My wife, Haley, and I permanently moved back to Colorado from Washington State just over four years ago. We promptly bought a house and have lived in the Sunnyside neighborhood ever since. Since the big move, we’ve developed deep roots in our community—we have great relationships with our neighbors, connections to our community institutions, and some of our dearest friends within walking distance. Although we’ve built a strong community in many of the places we’ve lived over the years, this time it feels different, mostly because we know we aren’t going anywhere.
Something special begins to happen when you have a long commitment to cultivating relationships and community in a specific locale. At the same time we were making our transition back to Denver, I started working—and building relationships with communities—at CCMU. In these past four years, our community approach has been one of building personal connections and deep roots in communities across the state.
Early on, I identified the Eastern Plains as a top priority for CCMU’s community engagement work, as there was both a gap in the area’s representation in statewide conversations and a gap in our understanding of their community health goals. Since 2012, when I first met with leaders in Sterling and Evans, CCMU staff members have traveled numerous times to communities across the Eastern Plains, including back to Evans and Sterling, but also to Lamar, La Junta, Yuma, Limon, and Trinidad. Our top priority for these trips was simply to listen, but we also offered support to local health systems change efforts and, when possible, attempted to link local health collaboratives to similar initiatives around the state. This relational approach to community engagement is resource-intensive and takes time, but the results can be powerful.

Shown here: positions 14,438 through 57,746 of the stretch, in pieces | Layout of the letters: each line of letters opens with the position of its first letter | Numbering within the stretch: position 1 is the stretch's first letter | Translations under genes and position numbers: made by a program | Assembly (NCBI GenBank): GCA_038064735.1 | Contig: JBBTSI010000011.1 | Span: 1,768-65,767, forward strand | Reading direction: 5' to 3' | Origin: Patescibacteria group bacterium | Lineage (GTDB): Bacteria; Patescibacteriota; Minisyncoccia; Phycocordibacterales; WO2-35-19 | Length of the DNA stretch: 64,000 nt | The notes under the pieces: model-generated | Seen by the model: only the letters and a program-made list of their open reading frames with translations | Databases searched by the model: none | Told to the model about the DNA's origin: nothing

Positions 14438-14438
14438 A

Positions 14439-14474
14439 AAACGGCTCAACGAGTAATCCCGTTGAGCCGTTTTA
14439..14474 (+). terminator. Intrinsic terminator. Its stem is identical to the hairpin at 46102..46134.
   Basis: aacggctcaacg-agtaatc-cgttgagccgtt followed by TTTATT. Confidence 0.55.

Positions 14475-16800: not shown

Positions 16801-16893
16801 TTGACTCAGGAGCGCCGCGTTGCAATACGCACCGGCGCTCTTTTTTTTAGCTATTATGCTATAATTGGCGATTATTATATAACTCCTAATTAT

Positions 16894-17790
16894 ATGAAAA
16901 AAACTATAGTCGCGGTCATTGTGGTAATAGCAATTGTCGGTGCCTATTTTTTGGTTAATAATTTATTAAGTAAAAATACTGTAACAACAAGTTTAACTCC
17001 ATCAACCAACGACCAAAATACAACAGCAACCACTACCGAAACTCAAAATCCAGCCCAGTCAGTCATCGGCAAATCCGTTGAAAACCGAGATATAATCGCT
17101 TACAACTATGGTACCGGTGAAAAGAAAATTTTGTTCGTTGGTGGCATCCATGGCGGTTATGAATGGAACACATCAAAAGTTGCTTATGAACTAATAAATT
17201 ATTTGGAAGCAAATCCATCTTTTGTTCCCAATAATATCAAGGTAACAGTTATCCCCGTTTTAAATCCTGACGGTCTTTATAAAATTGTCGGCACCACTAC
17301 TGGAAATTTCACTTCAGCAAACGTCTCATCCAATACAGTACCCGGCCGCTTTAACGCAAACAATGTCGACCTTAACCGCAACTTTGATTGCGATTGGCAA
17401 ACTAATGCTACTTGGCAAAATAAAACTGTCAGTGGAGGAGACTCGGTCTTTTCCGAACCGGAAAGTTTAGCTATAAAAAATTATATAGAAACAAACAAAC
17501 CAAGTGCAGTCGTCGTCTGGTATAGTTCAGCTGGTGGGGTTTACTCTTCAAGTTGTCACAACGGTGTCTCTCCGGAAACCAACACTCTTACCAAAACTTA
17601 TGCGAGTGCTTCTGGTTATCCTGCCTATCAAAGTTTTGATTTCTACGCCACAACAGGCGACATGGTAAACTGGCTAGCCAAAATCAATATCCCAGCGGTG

Last week, we hosted a community meeting with health and community leaders from across the Eastern Plains. Finally, after three years of work building relationships and developing an authentic understanding of the landscape and culture of these communities, a pivotal moment had arrived. With all the right people in the room, the group began to formulate a common vision for collaborative health change in the region, and articulated concrete action steps to realize their shared vision. It was a powerful breakthrough, and one sure to have lasting effects.
I believe we’ve made the progress we have because it’s clear we’re in it for the long haul. One of the top strategies identified in our meeting last week is to go out to these communities again and meet with leaders face-to-face in the coming months. We continue to be committed to building these relationships, supporting the priorities of community leaders, listening to their concerns and aspirations, and lending technical assistance where it’s needed. Hopefully in a few years we’ll be able to say we have deep organizational roots in communities across the Eastern Plains, and that together, we’re making progress toward local health systems that meet the needs of all Colorado residents.